• Patient Frame (poetry: House of Anansi, Toronto, 2010)
  • Every Lost Country (novel: Knopf Canada, Toronto, 2010; Ambo Anthos, Amsterdam, 2011 or 2012)
  • Workbook: memos & dispatches on writing (ECW, Toronto, 2011)
  • The Dead Are More Visible (Knopf Canada, 2012)


  • Air Canada Award (“most promising writer under thirty”), 1989
  • Gerald Lampert Award (for Stalin’s Carnival), 1990
  • PRISM international short story competition, first prize, 1991 1
  • Stand (U.K.) short story competition, prize-winner, 1991
  • National Magazine Awards gold medal for fiction, 1992, 2008, 2010
  • Petra Kenney Prize (U.K., for winning poem), 2002
  • Award for Excellence in the Arts (Kingston Arts Council), 2004
  • National Magazine Awards gold medal for poetry, 2004
  • National Magazine Awards silver medal for poetry, 2011
  • The Journey Prize, finalist, 1992
  • Trillium Award, finalist (for Flight Paths of the Emperor), 1993
  • National Magazine Awards, finalist for fiction, 1994, ’95
  • Governor General’s Award for Poetry, finalist (for The Ecstasy of Skeptics), 1995
  • Pushcart Prize, nominated by The Laurel Review, 1995
  • W.H. Smith Award (U.K.: for “best book of the year”), nominated, for Flight Paths of the Emperor, 1998
  • McEwan College Book of the Year, finalist, for Afterlands, 2006
  • Evergreen Award, finalist for Afterlands, 2008
  • K.M. Hunter Award (literature), 2010
  • Banff Mountain Book Festival Award, finalist, for Every Lost Country, 2010
  • P.K. Page Founders' Award for Poetry, 2011
  • Trillium Award, finalist, for The Dead Are More Visible


  • Best Canadian Stories (Oberon, 1989, ’92, ’95, ’04, ’07)
  • The New Story Writers (John Metcalf, ed., Quarry Press, 1991)
  • Best English Short Stories (David Hughes & Giles Gordon, eds., Heinemann, U.K., 1992)
  • The Minerva Book of Short Stories 5 (Hughes & Gordon, eds., Minerva, U.K., 1993)
  • Best of Best English Short Stories 1986-1995 (Hughes & gOrdon, eds., Minerva, 1996)
  • The Journey Prize Anthology 4 (M&S, 1992)
  • The Literature of Work (U. of Phoenix Press, 1993)
  • The Second Gates of Paradise (Alberto Manguel, ed., MW&R, 1995)
  • Canadian Short Fiction, second edition (W.H. New, ed., Prentice Hall, 1996)
  • Writing Home (Constance Rooke, ed., M&S, 1997)
  • Turn of the Story (Joan Thomas & Heidi Harms, eds., Anansi, 1999)
  • Lost Classics (Ondaatje, Redhill, Spalding, and Spalding, eds. Knopf, 2000)
  • The Reader (Carolyn Meyer & Bruce Meyer, eds., Prentice Hall, 2001)
  • The Notebooks (Michelle Berry & Natalee Caple, eds. Doubleday, 2002)
  • Viewpoints 12 (Prentice Hall, 2002)
  • The New Canon (ed. Carmine Starnino, Vehicule, 2005)
  • Literature (ed. Laurie G. Kirszner, Stephen R. Mandell, and Candace Fertile: Thomson/Nelson 2007)
  • The Exile Book of Canadian Sports Stories (ed. Priscila Uppal, Exile Editions, 2009)
  • Modern and Contemporary Poets of Canada (ed. Todd Swift and Evan Jones, Carcanet, 2010)
  • The Best Canadian Poetry 2009 (ed. A.F. Moritz, Tighrope Books, 2009)
  • The Best Canadian Poetry 2010 (ed. Lorna Crozier, Tightrope Books, 2010)
  • The Best Canadian Poets 2011 (ed. Priscilla Uppal, Tightrope Books, 2011)
  • Finding the Words (ed. Jared Bland, M&S, 2011)
  • Best American Poetry 2012 (ed. Mark Doty)
  • 70 Canadian Poets (ed. Gary Geddes, Oxford Press, 2014)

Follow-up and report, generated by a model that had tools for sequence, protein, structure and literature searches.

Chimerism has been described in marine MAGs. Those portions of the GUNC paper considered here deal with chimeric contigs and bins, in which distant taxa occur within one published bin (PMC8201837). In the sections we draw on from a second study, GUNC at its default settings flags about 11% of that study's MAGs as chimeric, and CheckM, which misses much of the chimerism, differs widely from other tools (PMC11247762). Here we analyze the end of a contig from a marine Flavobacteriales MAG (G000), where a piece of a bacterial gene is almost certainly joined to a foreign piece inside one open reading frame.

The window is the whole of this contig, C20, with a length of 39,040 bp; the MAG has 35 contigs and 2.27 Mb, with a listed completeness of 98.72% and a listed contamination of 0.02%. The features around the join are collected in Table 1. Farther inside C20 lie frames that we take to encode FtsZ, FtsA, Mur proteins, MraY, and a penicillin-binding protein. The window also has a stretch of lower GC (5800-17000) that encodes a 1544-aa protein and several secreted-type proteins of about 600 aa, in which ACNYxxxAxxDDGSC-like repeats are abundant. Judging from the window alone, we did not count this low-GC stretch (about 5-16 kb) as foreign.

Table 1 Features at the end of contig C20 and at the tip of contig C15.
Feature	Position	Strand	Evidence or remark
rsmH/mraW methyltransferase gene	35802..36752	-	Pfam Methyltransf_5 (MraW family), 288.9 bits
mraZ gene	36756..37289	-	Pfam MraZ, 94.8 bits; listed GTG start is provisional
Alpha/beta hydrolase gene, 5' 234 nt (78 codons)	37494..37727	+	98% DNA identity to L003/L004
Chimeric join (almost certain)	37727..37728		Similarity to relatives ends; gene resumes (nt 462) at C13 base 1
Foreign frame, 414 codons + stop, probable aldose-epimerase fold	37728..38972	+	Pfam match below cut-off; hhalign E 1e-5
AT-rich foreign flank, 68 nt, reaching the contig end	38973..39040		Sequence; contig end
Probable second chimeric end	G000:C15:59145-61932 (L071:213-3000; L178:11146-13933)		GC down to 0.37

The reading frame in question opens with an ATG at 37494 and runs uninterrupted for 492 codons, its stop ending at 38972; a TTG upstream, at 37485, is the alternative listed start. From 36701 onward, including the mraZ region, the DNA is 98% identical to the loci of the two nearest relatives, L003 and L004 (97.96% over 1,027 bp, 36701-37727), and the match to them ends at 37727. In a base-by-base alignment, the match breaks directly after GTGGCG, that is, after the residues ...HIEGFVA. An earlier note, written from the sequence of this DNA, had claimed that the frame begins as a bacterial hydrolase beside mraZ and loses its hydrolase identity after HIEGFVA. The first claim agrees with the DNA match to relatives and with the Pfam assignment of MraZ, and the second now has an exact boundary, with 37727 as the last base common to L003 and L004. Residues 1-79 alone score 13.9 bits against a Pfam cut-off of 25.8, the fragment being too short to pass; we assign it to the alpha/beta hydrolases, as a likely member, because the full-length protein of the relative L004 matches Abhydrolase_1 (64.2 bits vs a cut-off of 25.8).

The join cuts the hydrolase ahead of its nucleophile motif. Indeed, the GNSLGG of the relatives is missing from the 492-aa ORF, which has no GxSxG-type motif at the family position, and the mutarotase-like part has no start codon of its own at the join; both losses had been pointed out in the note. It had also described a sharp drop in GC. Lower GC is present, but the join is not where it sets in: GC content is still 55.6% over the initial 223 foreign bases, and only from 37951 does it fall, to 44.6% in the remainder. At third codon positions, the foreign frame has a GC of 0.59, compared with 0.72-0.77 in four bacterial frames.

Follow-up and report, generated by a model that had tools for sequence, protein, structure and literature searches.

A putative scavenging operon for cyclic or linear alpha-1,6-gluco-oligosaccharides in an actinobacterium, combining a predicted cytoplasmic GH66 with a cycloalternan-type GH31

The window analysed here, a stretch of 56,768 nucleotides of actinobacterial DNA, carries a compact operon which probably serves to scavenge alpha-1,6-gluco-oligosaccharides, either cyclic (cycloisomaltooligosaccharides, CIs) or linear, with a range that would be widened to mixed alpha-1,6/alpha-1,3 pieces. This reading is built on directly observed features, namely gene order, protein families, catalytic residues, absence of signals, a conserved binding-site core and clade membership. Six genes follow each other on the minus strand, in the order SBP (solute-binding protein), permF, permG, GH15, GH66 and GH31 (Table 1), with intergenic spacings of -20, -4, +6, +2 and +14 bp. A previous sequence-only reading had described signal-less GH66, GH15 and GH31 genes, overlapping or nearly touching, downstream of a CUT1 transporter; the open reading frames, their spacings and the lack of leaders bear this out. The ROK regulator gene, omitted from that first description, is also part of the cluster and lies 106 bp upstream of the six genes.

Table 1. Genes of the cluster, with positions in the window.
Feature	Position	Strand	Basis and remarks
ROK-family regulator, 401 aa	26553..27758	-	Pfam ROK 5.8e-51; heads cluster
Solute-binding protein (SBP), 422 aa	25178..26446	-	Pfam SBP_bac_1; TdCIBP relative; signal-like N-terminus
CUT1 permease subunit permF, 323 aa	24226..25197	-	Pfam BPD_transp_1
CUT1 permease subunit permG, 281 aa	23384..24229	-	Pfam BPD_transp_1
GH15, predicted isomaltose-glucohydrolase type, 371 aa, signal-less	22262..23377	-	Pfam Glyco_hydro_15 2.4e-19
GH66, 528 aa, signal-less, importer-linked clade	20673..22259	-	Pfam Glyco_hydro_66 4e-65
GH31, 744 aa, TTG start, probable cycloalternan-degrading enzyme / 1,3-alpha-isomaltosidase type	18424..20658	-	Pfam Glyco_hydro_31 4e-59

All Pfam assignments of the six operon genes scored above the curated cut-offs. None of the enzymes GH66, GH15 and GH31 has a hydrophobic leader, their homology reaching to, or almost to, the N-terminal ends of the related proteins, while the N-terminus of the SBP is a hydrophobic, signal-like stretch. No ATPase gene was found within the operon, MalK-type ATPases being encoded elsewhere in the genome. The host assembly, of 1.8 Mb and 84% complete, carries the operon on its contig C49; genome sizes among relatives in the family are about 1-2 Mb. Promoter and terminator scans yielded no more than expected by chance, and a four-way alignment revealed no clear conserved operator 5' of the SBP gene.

• Another English: Poems From Around the World (eds Catherine Barnett & Tiphanie Yanique, Tupelo/The Poetry Foundation, 2014)
  • Also: London Review of Books, Poetry, Brick, The Malahat Review, Descant, Exile, Stand (U.K.), The Independent (U.K.), Critical Quarterly (U.K.), The Rialto (U.K.), Nimrod (U.S.A.), Agni (U.S.A.), The Literary Review (U.S.A.), Northwest Review (U.S.A.), Revue Europe (France), Quadrant (Australia), Chelsea Hotel (Germany), Nuovi Argomenti (Italy)


  • St Mary’s University (Writer-in-Residence, Jan. 92)
  • Kingston School of Writing, July 1993
  • Maritime Writers’ Workshop, Fredericton, July 1995
  • Tattle Creek Writers’ Workshop, July 2000, July 2001
  • Banff Centre, May Studios, 2001
  • Berton House, Dawson City (Writer-in-Residence, September-October 2001)
  • Yukon Writers’ Conference, Whitehorse, March 2002
  • Concordia University, Montreal (Writer-in-Residence, September 2002-May 2003)
  • University of Toronto, Massey College (Writer-in-Residence, Jan.-April 2004)
  • Booming Ground (Green College, UBC), novel course, with 16 weeks of online follow-up (July 2005)
  • American Movements II, U of New Orleans: participating author, 2006
  • Summer Literary Seminars, Herzen University, St Petersburg, Russia: poetry instructor, June 2007
  • Banff Centre, Writing with Style: fiction instructor, Sept. 2007
  • Banff Centre, Writing with Style: poetry instructor, 2008
  • University of Ottawa (Writer-in-Residence, 2009)
  • CMR/RMC Kingston (writer-in-residence, winter 2010)
  • Fernie Writers' Conference, July 2010
  • McGill University, poetry instructor and writer in residence, winter term 2013
  • Queen's University, writer-in-residence, fall 2014
  • Also: Various one day workshops, seminars, and lectures in Kingston-area high schools, and at such gatherings as the Saskatchewan Writers’ Guild AGM (1994), the Manitoba Writers’ Guild AGM (1994), the Maritime Writers’ Festival (1996), the Kootenay School of Writing (1996), and the Writers’ Guild of Newfoundland AGM (1996).


  • Editor, Quarry Magazine, 1988-1994
  • Author of afterword in New Canadian Library edition of Margaret Atwood’s Murder in the Dark (NCL: M&S, Toronto, 1997)
  • Co-editor (with Victor Coleman) of Duo Duo’s Crossing the River, tr. Lee Robinson (Anansi, Toronto, 1998)
  • Co-editor (with Tess Fragoulis & Helen Tsiriotakis) of Musings: an Anthology of Greek-Canadian Literature (Vehicule, 2003)
  • Author of foreword in new House of Anansi edition of Al Purdy's Poems for All the Annettes (Anansi, Toronto, 2012)
  • Kingston Wired Writers associate, from September 2014